100% agree.
            Time flies like an arrow.

            Fruit flies like a banana.

            Comment


            • #36
              Re: replace copper with pex?

              Sure, you could replace copper with pex. You could also replace your concrete foundation with Lego blocks, your shingle roof with Visqueen, and your computer with a nice Playskool calculator.

              Okay, that's kinda simplistic. I had an inspector ask me last fall why I piped a house with copper. Ex-squeeze-me? What do you mean, sir? "Everybody uses pex, now. Cheaper, faster, better." Not to me, it isn't. I walk through that basement and see the long, straight runs of copper, and it makes me all warm and fuzzy inside. Have I lost competitve bid jobs because I install copper? Sure have. Will I install pex? Sure, if that's what's spec'd, or if there's some GREAT reason to do so, as at my own home when I added a slab addition with radiant. But in THIS case, where there is good copper, already installed? Harrumph! (Have I mentioned I'm an old, tired, kinda grumpy old dude?)

              Comment


              • #37
                Re: replace copper with pex?

                Originally posted by Western Reserve View Post
                Sure, you could replace copper with pex. You could also replace your concrete foundation with Lego blocks, your shingle roof with Visqueen, and your computer with a nice Playskool calculator.

                Okay, that's kinda simplistic. I had an inspector ask me last fall why I piped a house with copper. Ex-squeeze-me? What do you mean, sir? "Everybody uses pex, now. Cheaper, faster, better." Not to me, it isn't. I walk through that basement and see the long, straight runs of copper, and it makes me all warm and fuzzy inside. Have I lost competitve bid jobs because I install copper? Sure have. Will I install pex? Sure, if that's what's spec'd, or if there's some GREAT reason to do so, as at my own home when I added a slab addition with radiant. But in THIS case, where there is good copper, already installed? Harrumph! (Have I mentioned I'm an old, tired, kinda grumpy old dude?)
                LOL - GREAT response , I loved the Lego reference
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                • #38
                  Re: replace copper with pex?

                  instead of starting a new thread i will post my next question here...

                  are the rubber couplings with stainless steel clamps suitable for direct burial?

                  Comment


                  • #39
                    Re: replace copper with pex?

                    Geno-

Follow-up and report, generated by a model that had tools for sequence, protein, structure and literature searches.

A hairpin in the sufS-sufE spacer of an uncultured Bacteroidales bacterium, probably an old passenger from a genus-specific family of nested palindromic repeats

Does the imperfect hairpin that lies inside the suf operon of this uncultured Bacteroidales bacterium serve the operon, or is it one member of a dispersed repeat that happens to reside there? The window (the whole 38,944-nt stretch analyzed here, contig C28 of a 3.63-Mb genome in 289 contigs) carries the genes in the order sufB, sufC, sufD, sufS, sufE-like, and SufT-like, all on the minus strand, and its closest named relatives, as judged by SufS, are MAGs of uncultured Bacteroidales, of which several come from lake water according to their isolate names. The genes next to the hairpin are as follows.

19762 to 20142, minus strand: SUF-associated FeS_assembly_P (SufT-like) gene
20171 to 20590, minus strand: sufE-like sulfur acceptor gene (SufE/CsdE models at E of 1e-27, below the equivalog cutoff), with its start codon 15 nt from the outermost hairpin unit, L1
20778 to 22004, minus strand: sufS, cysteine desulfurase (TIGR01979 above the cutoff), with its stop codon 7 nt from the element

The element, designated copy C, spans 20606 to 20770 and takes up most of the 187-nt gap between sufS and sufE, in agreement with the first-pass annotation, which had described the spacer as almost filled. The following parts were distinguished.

Copper piping was first used in the U.S. in the 1920's, which would make my 80-100 year old educated guess right on. I do still see 100+ year old brass piping still working fine, pretty amazing. I hear there's a fair amount of lead in that old brass piping though. We have alot of old victorian homes and a few historic districs here. Some interesting plumbing in these homes as you can imagine. I see alot of 100+ year old cast iron drain pipe as well. We are fortunate to have excellent water quality here.

                    If you read carefully what I wrote, you wont find a contradiction. Maybe you misunderstood me, perhaps I could have chose my words a little more carefully. We can leave it at that.


                    Gopher, yes a mission clamp will work underground, however it may not be to your local code.
                    Last edited by 420paul; 03-15-2010, 08:24 PM.

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                    • #40
                      Re: replace copper with pex?

                      ok. im not sure if its code or not, i emailed my inspector, waiting for a reply. If its not, i dont think there is any other way to install the 4" wye. its impossible to move the pipe sideways to make room.
                      the other pic is where im installing a shower. the drain is going to the old toilet drain. let me know if i did anything ovisely wrong before i glue up the pipe.
                      Attached Files

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                      • #41
                        Re: replace copper with pex?

                        You need a combination instead of a Tee and Mission Type bands plus a test on the system.

                        I don't care if it's harder!

                        J.C.

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                        • #42
                          Re: replace copper with pex?

                          JC, i found the bands your talkin about, but not 100 sure on the fitting i should be using. Can you post a link or a pic please?

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                          • #43
                            Re: replace copper with pex?

                            nevermind i see that you were talking about the 2", i though you were talkin about the 4" tee. thanks again